The Branch Line Society


Kirkby-in-Ashfield Railway Walk
Sunday 28th June 2015

Refer to the map below to help make sense of this report, an area with much incredibly complicated railway history.

The current Kirkby-in-Ashfield station opened in November 1996 as part of the 'Robin Hood Line', interestingly a section of line without a previous passenger station. Following the Shardlow visit, a band of 12 merry men (no one had made Marian come along) and a dog (travelling on a rover ticket perhaps?) met there at noon. Firstly, the party walked an unnamed road once the route of the 1819 Mansfield & Pinxton Railway (4'4" gauge and horse drawn) converted to standard gauge in 1849 by the Midland Railway as part of their Pye Bridge to Mansfield line until 1892, when a new route into Kirkby Station (East) was built, which itself was closed by BR in 1972 by building two new chords! At the end of this road the Great Northern Railway (GNR) Leen Valley Extension Railway crossed the Midland. This closed in May 1968 and was bulldozed away; who would have thought that it would be revived 26 years later as part of the Robin Hood Line? A footbridge over it gives an excellent view towards Kirkby Lane End Jn, near the site of Kirkby East Jn. A second footbridge crosses the BR 1972 spur connecting Pye Bridge to the GNR line. The other 1972 chord at Kirkby Summit then takes it back to the Midland. Next the GNR East to North curve trackbed, closed by 1905 due to a dearth of traffic, took participants onto the grassy hillside known as Bentinck Banks. Here 50 years ago two double track railways, the Mansfield and the Great Central (GCR) (originally the Manchester, Sheffield & Lincolnshire) swept across the valley on viaducts with a colliery branch alongside, nowadays nothing! There is just a green sloping hillside down the dale to the infant River Erewash and a slight dip in the tree line opposite. A short stretch of the GCR was found towards Kirkby Bentinck before descending the GCR Bentinck Colliery Empty Wagon Line (it was!) and its back shunt into the Empty Wagon Yard towards the massive derelict colliery site (occupying a square mile).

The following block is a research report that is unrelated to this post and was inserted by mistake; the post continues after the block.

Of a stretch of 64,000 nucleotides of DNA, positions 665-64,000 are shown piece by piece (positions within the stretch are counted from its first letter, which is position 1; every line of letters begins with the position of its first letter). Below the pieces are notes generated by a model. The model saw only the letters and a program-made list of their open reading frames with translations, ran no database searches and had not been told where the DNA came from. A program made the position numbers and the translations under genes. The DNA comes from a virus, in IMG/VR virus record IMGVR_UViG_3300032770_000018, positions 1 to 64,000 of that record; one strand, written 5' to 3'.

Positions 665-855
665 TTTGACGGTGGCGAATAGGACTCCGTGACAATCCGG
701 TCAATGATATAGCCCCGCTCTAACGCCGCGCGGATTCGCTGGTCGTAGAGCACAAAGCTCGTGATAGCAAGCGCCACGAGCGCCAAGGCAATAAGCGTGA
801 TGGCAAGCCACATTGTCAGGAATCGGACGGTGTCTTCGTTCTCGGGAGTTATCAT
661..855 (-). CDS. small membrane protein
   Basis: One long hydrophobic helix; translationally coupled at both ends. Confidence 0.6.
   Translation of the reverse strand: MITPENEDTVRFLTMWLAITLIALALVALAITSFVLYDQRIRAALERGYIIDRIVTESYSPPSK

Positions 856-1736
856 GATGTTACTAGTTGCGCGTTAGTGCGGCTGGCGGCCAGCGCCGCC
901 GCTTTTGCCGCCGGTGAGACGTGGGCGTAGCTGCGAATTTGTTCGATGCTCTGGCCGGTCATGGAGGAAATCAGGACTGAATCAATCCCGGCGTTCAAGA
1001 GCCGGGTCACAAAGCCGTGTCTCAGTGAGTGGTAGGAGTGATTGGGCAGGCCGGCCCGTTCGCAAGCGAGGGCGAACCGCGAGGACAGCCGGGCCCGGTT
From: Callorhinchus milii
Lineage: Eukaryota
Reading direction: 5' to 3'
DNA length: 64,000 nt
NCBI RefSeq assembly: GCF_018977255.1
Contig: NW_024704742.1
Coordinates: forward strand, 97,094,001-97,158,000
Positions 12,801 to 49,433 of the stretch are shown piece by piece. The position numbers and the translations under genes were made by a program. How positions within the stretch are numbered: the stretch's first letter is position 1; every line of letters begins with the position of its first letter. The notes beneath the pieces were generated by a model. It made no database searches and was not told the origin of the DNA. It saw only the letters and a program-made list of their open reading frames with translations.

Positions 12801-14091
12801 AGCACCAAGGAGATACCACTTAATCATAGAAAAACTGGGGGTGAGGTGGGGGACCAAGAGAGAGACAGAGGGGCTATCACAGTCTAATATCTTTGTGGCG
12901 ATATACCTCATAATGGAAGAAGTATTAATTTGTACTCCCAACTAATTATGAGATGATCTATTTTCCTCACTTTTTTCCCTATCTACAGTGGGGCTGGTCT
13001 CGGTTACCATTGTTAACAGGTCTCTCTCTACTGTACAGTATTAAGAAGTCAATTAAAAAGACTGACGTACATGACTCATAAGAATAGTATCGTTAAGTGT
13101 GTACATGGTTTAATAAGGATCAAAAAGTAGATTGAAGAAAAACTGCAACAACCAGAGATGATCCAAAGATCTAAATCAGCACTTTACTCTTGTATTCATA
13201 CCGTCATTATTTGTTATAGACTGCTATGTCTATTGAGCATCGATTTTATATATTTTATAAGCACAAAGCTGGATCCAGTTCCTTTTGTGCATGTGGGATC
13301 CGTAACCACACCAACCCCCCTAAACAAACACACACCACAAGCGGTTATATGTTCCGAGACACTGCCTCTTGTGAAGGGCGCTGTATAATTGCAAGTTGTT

Now it gets a bit complicated! The group followed the Bentick Colliery Midland Empty Wagon Line which joined the extant Pye Bridge line at Sowters Crossing (137m 67ch from St. Pancras), the site of Bentinck Colliery Sidings signal box. Participants were now in Portland Park and took the path on the well defined Mansfield & Pinxton Railway embankment northwards. Shortly came 'Kirkby Cutting' where the GCR and Mansfield Railway crossed overhead and converged to the east alongside each other. It is now an almost impenetrable jungle (but not to us as our guide's trusty secateurs were brought into action against the Greenwood). The double track Mansfield Railway (later part of the MR) was followed on a falling gradient through the deep cutting with a high solid stone retaining wall in perfect order to come alongside and join the Great Central, also double track. Further on towards Kirkby South Jn (where to add to the interest the GNR joined in too) is flooded. Therefore, the party returned along the Great Central paralleling their outward route at a lower level noting the much poorer and crumbling retaining walls on this side of the former four track formation here. Then, north alongside the still operational Pye Bridge line, the divergence right of the pre-1972 route was noted as the Robin Hood line came in from our right, taking the ex-GNR route. Re-crossing the footbridge we walked the 1892 Midland route back to Kirkby, to Lindley's Lane, the site of Kirkby (Station) Jn, to the Midland's Kirkby Station later 'East'. All is redeveloped; not a trace of railway, station or level crossing.

Participants 'Tucked' into an excellent lunch and visited the Little John before a short bus ride, rather sheepishly having to ask the driver for 'Mutton Hill Bottom' a.k.a. the bridge over the Robin Hood Line at Kirkby Tunnel. Following the edge of a field we came to Grives Lane AHB Crossing, almost above the buried GCR Annesley Tunnel portal, noting the embankment now on top of the former GCR cutting and the new Robin Hood Line formation (1995, BR's final ever spur!) around it. The group returned to Kirkby (East) along the Midland Line that closed in 1970. Arrival back at Kirkby station was in good time for the 16.21 train to Nottingham. A brief visit afterwards to Warren House Level Crossing (135m 31ch) on the other side of Kirkby Tunnel, found the infilled rectangular GCR Tunnel cutting in use as horse-gallops and grazing.

Thanks to our guide, Tom Gilby for all his thorough preparation, maps and notes that made sense of such a complicated and interesting area for participants on the day and pointing us in the right direction. A seasoned railway rambler was heard to say that it was the most interesting and thorough such walk he had done.